But the biggest problem may be my familiarity with detective fiction. If, as has been suggested by smarter people than me that "Fiction should take you to places you don't normally go" one of my main problems with Inherent Vice is that I'm not being taken to any place I haven't already been.
The early seventies? Hippies versus the Man? Stoners, surfers, crooked cops? SoCal? A detective not always quite as focussed as perhaps he should be?
This is familiar territory that most of us who are fans of the genre have visited regularly over the years, in film, television and books.
I'm not saying Pynchon has no right going near the detective novel or that he's condescending toward the genre as some have suggested, but I wonder how much of his reputation helped get this thing published?
Would a newbie have been able to sell such a fuzzy, vague book to a publisher, or would it have eventually been published by iUniverse or digitally on Kindle and sold for 99 cents? Because there's no doubt this book is a hard slog.
Were this by an unknown author, even some of the most rabid embers of the Pynchon cult might have found this wanting. Pynchon may be a great writer, but as a detective fiction author, he's no Chandler or Hammett. Or even Richard Prather.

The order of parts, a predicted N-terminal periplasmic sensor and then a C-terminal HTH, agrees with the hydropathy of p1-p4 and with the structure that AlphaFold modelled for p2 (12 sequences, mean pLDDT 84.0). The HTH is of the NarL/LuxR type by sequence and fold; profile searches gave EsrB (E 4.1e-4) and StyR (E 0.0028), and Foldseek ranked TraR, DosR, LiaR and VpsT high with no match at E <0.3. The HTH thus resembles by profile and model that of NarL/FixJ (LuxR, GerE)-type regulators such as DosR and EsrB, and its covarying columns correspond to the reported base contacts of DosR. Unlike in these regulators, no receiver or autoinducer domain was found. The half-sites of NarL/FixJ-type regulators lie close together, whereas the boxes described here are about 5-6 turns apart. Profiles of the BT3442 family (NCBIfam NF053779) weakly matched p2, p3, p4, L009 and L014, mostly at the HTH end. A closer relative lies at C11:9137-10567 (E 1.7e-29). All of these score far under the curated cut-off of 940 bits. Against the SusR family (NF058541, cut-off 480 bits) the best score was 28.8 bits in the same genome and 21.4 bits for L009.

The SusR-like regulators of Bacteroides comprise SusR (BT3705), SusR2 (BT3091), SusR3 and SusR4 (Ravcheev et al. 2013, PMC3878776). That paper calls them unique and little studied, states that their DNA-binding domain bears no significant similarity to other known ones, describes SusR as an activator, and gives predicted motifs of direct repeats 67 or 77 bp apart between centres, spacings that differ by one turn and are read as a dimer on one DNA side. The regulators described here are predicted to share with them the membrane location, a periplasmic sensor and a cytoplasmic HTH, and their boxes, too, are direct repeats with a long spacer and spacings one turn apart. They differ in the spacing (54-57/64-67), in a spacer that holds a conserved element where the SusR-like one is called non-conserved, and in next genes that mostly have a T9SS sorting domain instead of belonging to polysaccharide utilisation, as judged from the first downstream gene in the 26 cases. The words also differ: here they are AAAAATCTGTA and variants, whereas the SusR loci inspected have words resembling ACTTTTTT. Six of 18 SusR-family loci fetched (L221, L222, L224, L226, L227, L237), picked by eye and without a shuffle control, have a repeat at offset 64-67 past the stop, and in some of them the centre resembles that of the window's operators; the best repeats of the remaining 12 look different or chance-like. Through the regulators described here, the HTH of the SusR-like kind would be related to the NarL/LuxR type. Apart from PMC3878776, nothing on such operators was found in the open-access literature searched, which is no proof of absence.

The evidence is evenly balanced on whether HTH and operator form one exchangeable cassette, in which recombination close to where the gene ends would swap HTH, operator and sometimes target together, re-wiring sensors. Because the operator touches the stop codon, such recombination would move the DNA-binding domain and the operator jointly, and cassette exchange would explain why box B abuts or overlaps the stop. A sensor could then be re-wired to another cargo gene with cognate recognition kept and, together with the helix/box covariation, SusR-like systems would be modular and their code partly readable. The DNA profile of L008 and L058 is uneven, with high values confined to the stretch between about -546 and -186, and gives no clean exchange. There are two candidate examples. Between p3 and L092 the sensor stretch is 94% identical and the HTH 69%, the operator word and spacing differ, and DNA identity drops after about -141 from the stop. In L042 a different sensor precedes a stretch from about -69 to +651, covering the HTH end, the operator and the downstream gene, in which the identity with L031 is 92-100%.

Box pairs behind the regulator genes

Some people whose opinions I truly respect seem to have liked it well enough.
But at this point I'm not seeing what the fuss is about. It's a big, wordy chunk of a P.I. novel, perhaps a little more ambitious than most, (although what Pynchon's actual ambition is might be the biggest mystery here) but not as fully realized as others.
Now, it's been suggested in some quarters that I'm simply not smart enough to understand Pynchon, or that I'm not evolved enough to see the "big picture." But I'm beginning to suspect there is no "big picture," after all -- just the wishful thinking of the faithful.
But if you put enough English Lit majors and would-be intellectuals in a room, set them all to deconstruction mode and allow them to scratch their chins long enough, eventually you'll get all sorts of unique interpretations and blather about "non-falsifiable speculation," "the beauty of the forking paths and their effect on things" and "the basic splitting process of the alternate realities and histories as followed by the ordinary and extraordinary ray" as exemplified by the alternative tangents of Doc's investigation. And you'll hear all sorts of stuff about the genre being "transcended."
Yeah, right. Transcend this, toots.
The picture may not be that big after all. Maybe Pynchon just wanted to write a detective story. Maybe he's even a fan of the genre. Which is really cool. But he couldn't do it, and ended up with this Day Glo shaggy dog story, doing an adequate -- but not earth-shattering -- job of it.
There are worse crimes.
Respectfully submitted by Kevin Burton Smith.